Have you been looking at images of clothing mended so beautifully, you almost hope to rip a hole in your jeans? But what are the materials you actually need to get started?
You are in the right place! I pulled together a collection of materials that I think are a must to get started with visible mending, and how and why they are used in mending. Most of these materials can be found at your local craft shop.
I like to use sashiko needles for mending jeans. They come in a variety of lengths and thicknesses. When it comes to stitching through 1 or 2 layers of denim, you need a thick, sharp needle to pierce through the layers. The length of the needle you use will depend on what you are stitching. Basically, you'll use a long needle when you are stitching in long straight rows and a shorter needle for stitching curves or if you are mending in a tight area.
There are lots of different types of thread to choose from, and it can feel overwhelming. The good news is, you have options! There are 4 types of thread that I have found to be a good match for repairing denim.
Sashiko Thread is comprised of multiple strands of cotton tightly woven together to form a single strand. It has a slightly wooly look, and is soft, and not as strong as perle cotton.
Perle (Pearl) Cotton is mercerized, cotton woven tightly together. It has a bit of a sheen and braided look. It is very strong.
Crochet Cotton is similar to sashiko thread in every way. It is tightly wound and soft. And if you are a thrift shopper, it's very easy to find at secondhand or charity shops.
Embroidery Thread is cotton and made up of 6 strands, meant to separate easily. This is my least favorite option here, as the threads tend to separate, which can look a bit messy over time.
Scissors, Pins, Wax
You will need a pair of scissors, but nothing particularly special. As long as you can cut through denim to prepare a patch, and cut lengths of thread, that is a pair of scissors that will work.
You will mainly use straight pins to secure your patch before you stitch it into place. However, it's always good to have a couple of large safety pins around for pinning pockets back while mending.
That little tin of gold is beeswax. I have found it to be so very helpful when mending denim. When you coat your thread with beeswax, it slides through thick layers much easier. Also, I don't really have any proof, but I do believe it makes for a stronger mend. You can use any old beeswax bar, or I do sell it in my shop in a handy tin.
Thimbles are optional, and become more useful the more you get to know your own stitching. Here is a quick explanation of some types of thimbles I find useful. When you initially think of a thimble, a rounded thimble that sits atop your finger might come to mind. In this scenario, that type of thimble can be used, but isn't really the most helpful.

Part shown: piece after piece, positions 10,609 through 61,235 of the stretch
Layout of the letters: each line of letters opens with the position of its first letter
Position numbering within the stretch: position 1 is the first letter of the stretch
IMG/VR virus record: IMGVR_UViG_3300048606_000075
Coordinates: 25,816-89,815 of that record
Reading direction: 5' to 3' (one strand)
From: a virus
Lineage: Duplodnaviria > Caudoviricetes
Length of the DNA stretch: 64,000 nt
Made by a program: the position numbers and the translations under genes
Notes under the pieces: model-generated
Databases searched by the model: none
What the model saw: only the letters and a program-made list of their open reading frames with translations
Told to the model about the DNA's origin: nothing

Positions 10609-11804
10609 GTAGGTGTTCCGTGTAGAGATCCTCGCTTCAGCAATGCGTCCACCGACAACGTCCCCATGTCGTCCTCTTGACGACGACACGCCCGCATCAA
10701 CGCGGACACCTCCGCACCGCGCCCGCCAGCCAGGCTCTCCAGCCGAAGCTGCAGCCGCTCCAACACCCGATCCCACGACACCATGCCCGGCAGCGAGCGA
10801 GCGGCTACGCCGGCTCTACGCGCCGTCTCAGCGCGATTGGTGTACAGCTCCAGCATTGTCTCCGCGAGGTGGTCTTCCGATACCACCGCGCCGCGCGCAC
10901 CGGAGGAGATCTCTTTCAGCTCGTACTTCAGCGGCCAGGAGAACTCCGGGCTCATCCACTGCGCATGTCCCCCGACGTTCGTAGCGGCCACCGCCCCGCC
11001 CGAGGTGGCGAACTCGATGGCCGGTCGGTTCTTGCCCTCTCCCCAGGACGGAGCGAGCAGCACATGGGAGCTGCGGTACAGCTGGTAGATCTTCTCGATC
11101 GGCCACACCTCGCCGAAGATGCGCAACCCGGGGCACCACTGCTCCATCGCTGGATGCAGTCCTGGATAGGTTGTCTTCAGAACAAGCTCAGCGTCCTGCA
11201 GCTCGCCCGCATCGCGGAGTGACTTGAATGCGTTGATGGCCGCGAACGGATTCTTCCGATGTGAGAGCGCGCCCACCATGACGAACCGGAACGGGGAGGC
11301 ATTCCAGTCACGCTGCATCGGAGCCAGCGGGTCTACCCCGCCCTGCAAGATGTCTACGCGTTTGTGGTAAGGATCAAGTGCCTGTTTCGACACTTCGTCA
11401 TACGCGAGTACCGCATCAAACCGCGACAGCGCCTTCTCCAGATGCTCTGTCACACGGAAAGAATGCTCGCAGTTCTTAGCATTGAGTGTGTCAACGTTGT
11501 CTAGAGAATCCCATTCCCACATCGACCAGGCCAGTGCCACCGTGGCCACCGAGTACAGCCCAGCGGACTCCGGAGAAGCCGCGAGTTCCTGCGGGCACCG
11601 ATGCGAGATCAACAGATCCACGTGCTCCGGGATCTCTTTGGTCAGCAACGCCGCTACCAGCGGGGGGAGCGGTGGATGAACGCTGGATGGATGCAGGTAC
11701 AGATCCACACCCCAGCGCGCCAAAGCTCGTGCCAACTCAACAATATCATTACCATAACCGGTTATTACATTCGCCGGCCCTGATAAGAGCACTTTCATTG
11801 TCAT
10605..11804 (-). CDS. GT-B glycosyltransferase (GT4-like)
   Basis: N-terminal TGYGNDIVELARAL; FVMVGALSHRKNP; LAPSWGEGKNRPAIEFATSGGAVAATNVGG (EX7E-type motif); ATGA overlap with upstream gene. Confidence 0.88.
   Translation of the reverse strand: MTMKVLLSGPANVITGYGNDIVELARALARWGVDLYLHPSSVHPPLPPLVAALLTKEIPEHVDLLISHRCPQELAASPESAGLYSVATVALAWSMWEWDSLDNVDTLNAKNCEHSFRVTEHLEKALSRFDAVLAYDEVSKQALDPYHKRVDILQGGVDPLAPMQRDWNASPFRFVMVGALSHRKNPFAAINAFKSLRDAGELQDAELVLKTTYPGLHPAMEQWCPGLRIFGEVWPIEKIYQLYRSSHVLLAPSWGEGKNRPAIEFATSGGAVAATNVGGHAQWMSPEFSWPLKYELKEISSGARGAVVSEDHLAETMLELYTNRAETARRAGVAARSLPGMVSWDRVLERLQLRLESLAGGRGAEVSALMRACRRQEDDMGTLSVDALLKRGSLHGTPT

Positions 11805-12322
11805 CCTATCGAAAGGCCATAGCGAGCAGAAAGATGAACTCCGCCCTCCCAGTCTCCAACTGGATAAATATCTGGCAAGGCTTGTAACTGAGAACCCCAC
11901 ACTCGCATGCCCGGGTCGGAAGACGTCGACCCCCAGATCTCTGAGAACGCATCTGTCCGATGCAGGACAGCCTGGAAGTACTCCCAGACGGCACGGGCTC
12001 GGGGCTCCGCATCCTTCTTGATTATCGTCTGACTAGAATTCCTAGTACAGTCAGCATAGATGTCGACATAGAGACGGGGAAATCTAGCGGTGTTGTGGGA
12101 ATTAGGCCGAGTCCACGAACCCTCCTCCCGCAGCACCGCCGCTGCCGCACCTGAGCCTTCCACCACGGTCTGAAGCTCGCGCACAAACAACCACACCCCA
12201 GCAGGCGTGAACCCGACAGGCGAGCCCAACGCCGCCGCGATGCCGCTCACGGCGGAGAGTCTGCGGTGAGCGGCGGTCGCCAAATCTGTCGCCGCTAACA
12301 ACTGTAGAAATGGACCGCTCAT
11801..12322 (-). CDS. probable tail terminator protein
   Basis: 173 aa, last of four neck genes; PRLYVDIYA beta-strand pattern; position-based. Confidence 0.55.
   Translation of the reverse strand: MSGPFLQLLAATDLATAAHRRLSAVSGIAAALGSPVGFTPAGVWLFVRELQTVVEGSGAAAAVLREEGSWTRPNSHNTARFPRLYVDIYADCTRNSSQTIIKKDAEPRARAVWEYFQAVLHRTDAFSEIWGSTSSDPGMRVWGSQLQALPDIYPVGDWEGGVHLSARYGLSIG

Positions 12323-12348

Ring Thimbles are worn on the finger, like a ring with the textured area worn palm-side. These thimbles are used to help push the needle through the fabric.
Palm Thimbles are worn like a ring thimble, with the plate of the thimble situated below the finger on the palm of your hand. Many people find that this type of thimble feels more natural as a way to help push the needle through thick denim or fabric.
Leather vs Metal The problem with an all metal thimble, is that the needle can easily slip off of the plate and puncture your hand. I have done this, and it HURTS! For this reason, leather can be a good option, as it is thick and not-slip, and quite easy to make yourself even! My personal choice is a thimble that is metal and leather. This particular hexagon thimble hides a metal thimble between layers of leather.
Whichever you choose, thimbles should be snug enough not to slip off, but not so tight to cut off blood flow.
Deciding what material to use to patch your jeans or denim is the easy part. Use a scrap with a similar stretch and thickness as the jeans you are repairing.
While washable transfers are certainly optional, I wouldn't want to go without. This is a product that I created to teach myself how to stitch patterns when I first started mending. It's great to have a template to follow that doesn't move around or fade away, and is as easy as rinsing off when you are finished.
I also have a well stocked online mending supply shop-- wrenbirdarts.com
Now that you have everything you need, here's another post to help you get started stitching: